There remain to be described two pigmy tits. The first of these is that feathered exquisite, the red-headed tit (AEgithaliscus erythrocephalus). I will not again apologise for the name; it must suffice that the average ornithologist is never happy unless he be either saddling a small bird with a big name or altering the denomination of some unfortunate fowl. This fussy little mite is not so long as a man's thumb. It is crestless; the spot where the crest ought to be is chestnut red. The remainder of the upper plumage is bluish grey, while the lower plumage is the colour of rust. The black face is set off by a white eyebrow. Last, but not least, of our common tits is the crested black tit (Lophophanes melanopterus). The crested head and breast of this midget are black. The cheeks and nape are white, while the rest of the upper plumage is iron grey.

There is yet another tit of which mention must be made, because he is the common tit of Almora. The climate of Almora is so much milder than that of other hill stations that its birds are intermediate between those of the hills and the plains. The Indian grey tit (Parus atriceps) is a bird of wide distribution. It is the common tit of the Nilgiris, is found in many of the better-wooded parts of the plains, and ascends the Himalayas up to 6000 feet. It is a grey bird with the head, neck, breast, and abdominal line black. The cheeks are white. It is less gregarious than the other tits. Its notes are harsh and varied, being usually a ti-ti-chee or pretty-pretty.

I have not noticed this species at either Mussoorie or Naini Tal, but, as I have stated, it is common at Almora.

As has been mentioned above, tits usually go about in flocks. It is no uncommon thing for a flock to contain all of the four species of tit just described, a number of white-eyes, some nuthatches, warblers, tree-creepers, a woodpecker or two, and possibly some sibias and laughing-thrushes.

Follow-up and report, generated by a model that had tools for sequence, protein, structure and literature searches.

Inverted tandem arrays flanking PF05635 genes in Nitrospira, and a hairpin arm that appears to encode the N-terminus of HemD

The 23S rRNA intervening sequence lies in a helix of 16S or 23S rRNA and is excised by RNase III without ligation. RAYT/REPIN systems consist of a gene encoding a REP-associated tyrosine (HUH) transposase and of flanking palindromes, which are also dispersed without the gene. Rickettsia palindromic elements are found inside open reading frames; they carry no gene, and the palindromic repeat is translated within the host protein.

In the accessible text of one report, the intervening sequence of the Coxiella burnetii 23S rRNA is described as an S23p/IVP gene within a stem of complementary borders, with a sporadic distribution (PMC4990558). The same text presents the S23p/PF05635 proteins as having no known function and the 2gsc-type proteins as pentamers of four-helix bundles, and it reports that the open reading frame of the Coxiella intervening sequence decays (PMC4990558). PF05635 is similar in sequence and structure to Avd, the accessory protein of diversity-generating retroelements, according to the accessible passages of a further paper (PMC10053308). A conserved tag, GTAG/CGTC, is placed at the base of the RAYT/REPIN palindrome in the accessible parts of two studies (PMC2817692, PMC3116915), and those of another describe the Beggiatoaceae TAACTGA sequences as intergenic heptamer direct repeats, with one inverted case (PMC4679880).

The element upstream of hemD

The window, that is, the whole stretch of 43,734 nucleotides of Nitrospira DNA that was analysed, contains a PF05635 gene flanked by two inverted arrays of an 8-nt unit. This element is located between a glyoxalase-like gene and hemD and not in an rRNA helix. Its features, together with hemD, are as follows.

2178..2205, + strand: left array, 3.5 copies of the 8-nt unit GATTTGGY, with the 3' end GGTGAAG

The Crateropodidae form a most heterogeneous collection of birds, including, as they do, such divers fowls as babblers, whistling-thrushes, bulbuls, and white-eyes. Whenever a systematist comes across an Asiatic bird of which he can make nothing, he classes it among the Crateropodidae. This is convenient for the systematist, but embarrassing for the naturalist.

The most characteristic members of the family are those ugly, untidy, noisy earth-coloured birds which occur everywhere in the plains, and always go about in little companies, whence their popular name "seven sisters."

To men of science these birds are known as babblers. Babblers proper are essentially birds of the plains. In the hills they are replaced by their cousins, the laughing-thrushes. Laughing-thrushes are merely glorified babblers. The Himalayan streaked laughing-thrush (Trochalopterum lineatum) is one of the commonest of the birds of our hill stations. It is a reddish brown fowl, about eight inches long. Each of its feathers has a black shaft; it is these dark shafts that give the bird its streaked appearance. Its chin, throat, and breast are chestnut-red, and on each cheek there is a patch of similar hue. The general appearance of the streaked laughing-thrush is that of one of the seven sisters who is wearing her best frock. Like their sisters of the plains, Himalayan streaked laughing-thrushes go about in small flocks and are exceedingly noisy. Sometimes a number of them assemble, apparently for the sole purpose of holding a speaking competition. They are never so happy as when thus engaged.

Streaked laughing-thrushes frequent gardens, and, as they are inordinately fond of hearing their own voices, it is certainly not their fault if they escape observation. By way of a nest they build a rough-and-ready cup-shaped structure in a low bush or on the ground; but, as Hume remarked, "the bird, as a rule, conceals the nest so well that, though a loose, and for the size of the architect, a large structure, it is difficult to find, even when one closely examines the bush in which it is."